(*This blog post makes reference to sensitive topics like self-harming.)

I am going to be real. I am sick to death of the way society treats sadness. Like it is some sort of plague we need to force ourselves to ignore. Fun fact: it’s not. Sadness is a perfectly normal part of being human and a healthy way to deal with overwhelming emotions. Shutting them down or ignoring them isn’t.

Teaching our children – particularly our boys – that crying is a weakness has to stop. If anything, it takes a lot of guts to admit that you feel sad and to let the tears out. Tears release chemicals like oxytocin and endorphins that can ease emotional and physical pain. Letting them out and feeling sadness allows us to deal with situations or emotions in a healthy way and can allow us to move on.

I want you to vocalise something that makes you sad. Do you understand where that sadness comes from? Do you know how to deal with it? Now think of your child. How do they deal with sadness? Do they express it or bottle it up? Sadness is a messy emotion and can be very confusing even as an adult. Imagine how it feels for our children.

It is easy to just say that our children are just sad as depression can be a scary thought. But sometimes we need to have that conversation. Did you know that mental health issues like anxiety and depression affect 1 in 7 children in Australia alone? Neither did I. Many years later, I can admit that I was one of those statistics.

I would shut down when things got too much. I went into my own world and ignored everything around me. I wasn’t interested in a lot of the things that I had been previously passionate about and I had no appetite. I also used to self-harm. The sad thing was that my parents had no idea about any of it until my mother accidentally saw the marks on my arms about a year after I started doing it. I was 13 at the time. My doctor believed my mood and mind set was due to a chemical imbalance and they helped me find what would work for me. At 21 however, I was officially diagnosed with depression and was told I had probably been suffering since I was 12.

Nowadays, I am doing better. I still have my dark days and sometimes everything feels too much, but my support system (family and friends) are brilliant at pulling me out. I am also very aware of the signs and know when  I need to ask for help. It took a long few years, but I found my light at the end of the tunnel.

The first step is to realise and recognise that sadness and depression are vastly different.

Sadness: you can usually pin point to a specific event or situation. It resolves over time and even when you are sad, you can find happiness in other aspects in life.

Depression: can seem like there is no light at the end of the tunnel. It affects everything from energy levels and concentration, to sleep, mood and appetite as well as make you highly self-critical.

It can be hard to know when your child is depressed or just sad as children can hide or ignore their feelings surprisingly easier than adults can. It is important to keep an eye out for:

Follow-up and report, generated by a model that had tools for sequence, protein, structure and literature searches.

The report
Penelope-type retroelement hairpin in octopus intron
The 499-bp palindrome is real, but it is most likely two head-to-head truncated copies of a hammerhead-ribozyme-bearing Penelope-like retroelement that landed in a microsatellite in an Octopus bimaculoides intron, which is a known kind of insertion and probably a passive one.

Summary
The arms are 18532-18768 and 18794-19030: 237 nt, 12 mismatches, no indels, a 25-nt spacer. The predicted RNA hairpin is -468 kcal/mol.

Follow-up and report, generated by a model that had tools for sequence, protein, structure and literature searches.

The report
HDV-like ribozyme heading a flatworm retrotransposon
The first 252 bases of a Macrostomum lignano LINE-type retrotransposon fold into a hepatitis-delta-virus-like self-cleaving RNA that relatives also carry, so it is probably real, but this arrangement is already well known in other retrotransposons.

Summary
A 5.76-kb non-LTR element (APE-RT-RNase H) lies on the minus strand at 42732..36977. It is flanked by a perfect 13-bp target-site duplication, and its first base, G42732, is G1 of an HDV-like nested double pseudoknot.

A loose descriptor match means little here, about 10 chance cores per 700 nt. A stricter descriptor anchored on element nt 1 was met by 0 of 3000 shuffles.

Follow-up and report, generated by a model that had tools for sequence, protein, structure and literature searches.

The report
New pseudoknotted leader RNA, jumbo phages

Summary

• Lack of interest in things that normally sparked interest/joy
  • Out of character angry outbursts with no logical explanation
  • Feeling worthless or guilty – blaming themselves
  • They stop seeing friends or being social
  • Negative thoughts that don’t seem to go away – including those of self-harm
  • Trouble concentrating at school and at home
  • Headaches and stomach aches without reason
  • Drastic changes in appetite and weight
  • Lethargic and sleeping problems

It is important to know that there are a wide range of professional help out there for you and your child. The first steps however can be:

Empathise and normalise their feelings: Children need to understand that what they are feeling is okay and normal.

Validate their feelings: Even if they are upset over the smaller things, let them know that you understand, and they are okay to feel what they feel.

Help them recognise and express their emotions: ParentalEQ BackPack app’s Wheels of Emotions and Detective Thinking modules can help greatly with this.

Help them regulation their emotions: Practice self-awareness with them and how to calm down before acting.

Lead by example: show it is safe and normal to cry and feel sad. This can encourage them to show you their emotions as well. Check in with them as well.

Don’t forget to keep your children close during times of great emotional upheaval, like a death or separation and remind them that you are there with arms ready to hug and ears ready to listen.

ParentalEQ BackPack App has a multitude of activities and knowledge modules to help break down and understand your children’s mental wellbeing. The “Sadness and Depression” Knowledge module has some great advice on how to support your children during sadness and when to seek professional help.

As kids grow to understand their emotional world, they’ll come to realise that their emotions don’t define them – they can help to empower them.
Kids Helpline – 1800 55 1800
Lifeline – 13 11 14

From the heart & soul – Casey Luxford

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